UPDATE: Peter Abraham of the Boston Globe reports that the Red Sox placed Victorino on the disabled list and recalled Daniel Nava from Triple-A Pawtucket.
11:01 a.m. ET: Because an eight-game losing streak isn’t bad enough, here’s this. According to Michael Silverman of the Boston Herald, Shane Victorino left last night’s game against the Rays after he tweaked his right hamstring on bunt attempt in the ninth inning.
Victorino missed the first three weeks of the season due to a right hamstring strain, so this isn’t a good sign. Red Sox manager John Farrell said after the game that this injury isn’t doesn’t appear to be as serious, but more should be known later today.
“Preliminary, or at least the first exam, doesn’t appear to be as severe as spring training,’’ Farrell said. “But we’ll get a better read on it once a full workup is done when he gets to the park (today).”
Victorino has struggled so far this season, batting just .242 with one home run and a .276 on-base percentage through 21 games. Boston’s outfield is batting just .220/.296/.337 as a unit this season. Only the Twins have a lower OPS from their outfield.
The Rockies announced a minor swap of relief pitchers on Monday evening. The Cubs sent lefty Zac Rosscup to the Rockies in exchange for right-hander Matt Carasiti.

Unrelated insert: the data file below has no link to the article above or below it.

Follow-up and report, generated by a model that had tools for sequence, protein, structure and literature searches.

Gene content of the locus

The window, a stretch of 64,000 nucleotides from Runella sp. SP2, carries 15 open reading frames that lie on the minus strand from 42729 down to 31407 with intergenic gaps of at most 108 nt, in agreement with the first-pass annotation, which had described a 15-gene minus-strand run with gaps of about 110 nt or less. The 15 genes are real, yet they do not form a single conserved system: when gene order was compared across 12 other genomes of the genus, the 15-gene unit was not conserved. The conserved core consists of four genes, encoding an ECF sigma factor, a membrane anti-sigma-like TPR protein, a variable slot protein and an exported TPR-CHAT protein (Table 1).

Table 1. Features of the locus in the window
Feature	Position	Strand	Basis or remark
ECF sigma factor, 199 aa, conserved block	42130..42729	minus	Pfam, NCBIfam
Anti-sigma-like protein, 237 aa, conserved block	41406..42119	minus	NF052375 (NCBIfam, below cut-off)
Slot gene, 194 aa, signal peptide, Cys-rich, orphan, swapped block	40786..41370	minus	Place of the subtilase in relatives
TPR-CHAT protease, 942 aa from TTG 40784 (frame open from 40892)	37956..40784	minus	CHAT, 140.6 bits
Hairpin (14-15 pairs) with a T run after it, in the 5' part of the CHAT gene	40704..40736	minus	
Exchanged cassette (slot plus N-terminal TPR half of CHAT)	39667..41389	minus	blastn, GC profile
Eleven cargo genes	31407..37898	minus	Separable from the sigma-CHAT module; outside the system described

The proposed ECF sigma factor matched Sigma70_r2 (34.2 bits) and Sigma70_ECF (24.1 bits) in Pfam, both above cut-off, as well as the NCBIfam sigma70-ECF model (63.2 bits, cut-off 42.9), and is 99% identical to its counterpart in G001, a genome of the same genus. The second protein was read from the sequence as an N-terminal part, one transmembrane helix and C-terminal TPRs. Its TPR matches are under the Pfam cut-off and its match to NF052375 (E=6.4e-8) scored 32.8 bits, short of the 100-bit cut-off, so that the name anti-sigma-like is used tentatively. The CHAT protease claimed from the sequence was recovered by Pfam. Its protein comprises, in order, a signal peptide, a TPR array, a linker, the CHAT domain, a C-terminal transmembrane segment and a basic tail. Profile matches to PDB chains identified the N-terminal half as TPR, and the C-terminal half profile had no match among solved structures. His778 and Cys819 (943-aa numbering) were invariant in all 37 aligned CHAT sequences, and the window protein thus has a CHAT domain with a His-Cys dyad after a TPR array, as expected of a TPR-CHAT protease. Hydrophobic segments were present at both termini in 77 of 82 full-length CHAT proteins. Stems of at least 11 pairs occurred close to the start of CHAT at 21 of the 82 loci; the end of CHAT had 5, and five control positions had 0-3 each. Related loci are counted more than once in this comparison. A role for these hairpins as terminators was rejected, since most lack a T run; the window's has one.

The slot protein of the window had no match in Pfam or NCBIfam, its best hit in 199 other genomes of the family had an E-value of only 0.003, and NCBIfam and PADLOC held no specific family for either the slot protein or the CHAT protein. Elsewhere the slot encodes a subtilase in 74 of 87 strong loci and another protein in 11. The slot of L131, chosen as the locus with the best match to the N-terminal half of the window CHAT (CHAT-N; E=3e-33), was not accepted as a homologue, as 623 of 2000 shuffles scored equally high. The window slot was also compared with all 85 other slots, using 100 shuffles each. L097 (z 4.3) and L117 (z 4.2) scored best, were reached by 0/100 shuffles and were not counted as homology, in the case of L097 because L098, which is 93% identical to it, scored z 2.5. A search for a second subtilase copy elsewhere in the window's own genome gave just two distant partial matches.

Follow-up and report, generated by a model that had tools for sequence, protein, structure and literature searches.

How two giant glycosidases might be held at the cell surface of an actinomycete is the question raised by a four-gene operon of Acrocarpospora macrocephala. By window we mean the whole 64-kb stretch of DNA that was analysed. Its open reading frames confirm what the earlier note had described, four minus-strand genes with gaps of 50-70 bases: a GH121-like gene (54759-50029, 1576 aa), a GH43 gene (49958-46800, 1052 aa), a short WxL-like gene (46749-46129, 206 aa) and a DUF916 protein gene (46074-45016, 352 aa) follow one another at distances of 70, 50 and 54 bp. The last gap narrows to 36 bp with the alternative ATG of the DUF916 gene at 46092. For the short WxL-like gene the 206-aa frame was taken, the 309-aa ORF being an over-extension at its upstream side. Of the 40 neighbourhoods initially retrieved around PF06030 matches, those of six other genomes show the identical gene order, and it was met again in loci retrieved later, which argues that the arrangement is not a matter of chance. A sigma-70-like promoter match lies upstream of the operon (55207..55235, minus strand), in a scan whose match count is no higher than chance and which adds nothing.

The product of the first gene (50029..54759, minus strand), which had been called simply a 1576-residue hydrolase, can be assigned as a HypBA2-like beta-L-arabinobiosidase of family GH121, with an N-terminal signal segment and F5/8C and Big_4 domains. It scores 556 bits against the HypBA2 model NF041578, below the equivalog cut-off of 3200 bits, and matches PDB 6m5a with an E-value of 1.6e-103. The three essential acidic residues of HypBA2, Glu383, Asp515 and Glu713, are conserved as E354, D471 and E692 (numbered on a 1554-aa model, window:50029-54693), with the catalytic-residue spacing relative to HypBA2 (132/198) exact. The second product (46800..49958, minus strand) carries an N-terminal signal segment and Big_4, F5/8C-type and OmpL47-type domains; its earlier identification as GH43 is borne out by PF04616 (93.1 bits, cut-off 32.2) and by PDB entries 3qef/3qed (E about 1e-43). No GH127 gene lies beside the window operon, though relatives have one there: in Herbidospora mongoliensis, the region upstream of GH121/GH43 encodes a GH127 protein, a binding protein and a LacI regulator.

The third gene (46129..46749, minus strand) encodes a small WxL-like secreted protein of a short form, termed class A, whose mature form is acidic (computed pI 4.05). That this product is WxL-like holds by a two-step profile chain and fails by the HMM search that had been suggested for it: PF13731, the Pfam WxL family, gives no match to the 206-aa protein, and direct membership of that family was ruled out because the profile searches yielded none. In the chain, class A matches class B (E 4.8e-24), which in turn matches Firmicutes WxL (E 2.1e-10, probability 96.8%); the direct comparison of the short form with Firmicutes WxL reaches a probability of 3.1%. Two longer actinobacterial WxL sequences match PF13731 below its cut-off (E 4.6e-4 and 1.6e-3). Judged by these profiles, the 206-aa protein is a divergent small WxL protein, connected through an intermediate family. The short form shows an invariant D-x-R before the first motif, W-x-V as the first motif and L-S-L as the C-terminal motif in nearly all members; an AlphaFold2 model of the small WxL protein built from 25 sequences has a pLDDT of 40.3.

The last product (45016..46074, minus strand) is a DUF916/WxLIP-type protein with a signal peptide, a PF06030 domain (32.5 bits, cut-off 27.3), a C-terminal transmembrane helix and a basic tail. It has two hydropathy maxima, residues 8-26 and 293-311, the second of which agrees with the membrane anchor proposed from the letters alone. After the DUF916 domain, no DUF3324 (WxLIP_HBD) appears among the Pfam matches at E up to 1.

Rosscup, 29, was designated for assignment by the Cubs last Thursday. He spent only two-thirds of an inning in the majors this year and has a 5.32 career ERA across 47 1/3 innings. Rosscup has spent most of the season with Triple-A Iowa, posting a 2.60 ERA in 27 2/3 innings.
Carasiti, 25, spent 15 2/3 innings in the majors last year, putting up an ugly 9.19 ERA. With Triple-A Albuquerque this season, he compiled a 2.37 ERA and a 43/13 K/BB ratio in 30 1/3 innings.
The Associated Press reported that on Monday, the U.S. Court of Appeals for the 9th Circuit affirmed a district court ruling which holds that the minor leagues are exempt from federal antitrust law, just like the major leagues.
In 2015, four minor leaguers sued Major League Baseball, alleging that MLB violated antitrust laws with its hiring and employment policies. They accused MLB of “restrain[ing] horizontal competition between and among” franchises and “artificially and illegally depressing” the salaries of minor league players.
The U.S. Court of Appeals said the players failed to state an antitrust claim, as the Curt Flood Act of 1998 exempted Minor League Baseball explicitly from antitrust laws.
This case is separate from the Aaron Senne case in which Major League Baseball is accused of violating the Fair Labor Standards Act. That case was recertified as a class action lawsuit in March. In December, Major League Baseball established a political action committee (PAC), which came months after two members of Congress sought to change language in the FLSA so that minor league players could continue to be paid substandard wages.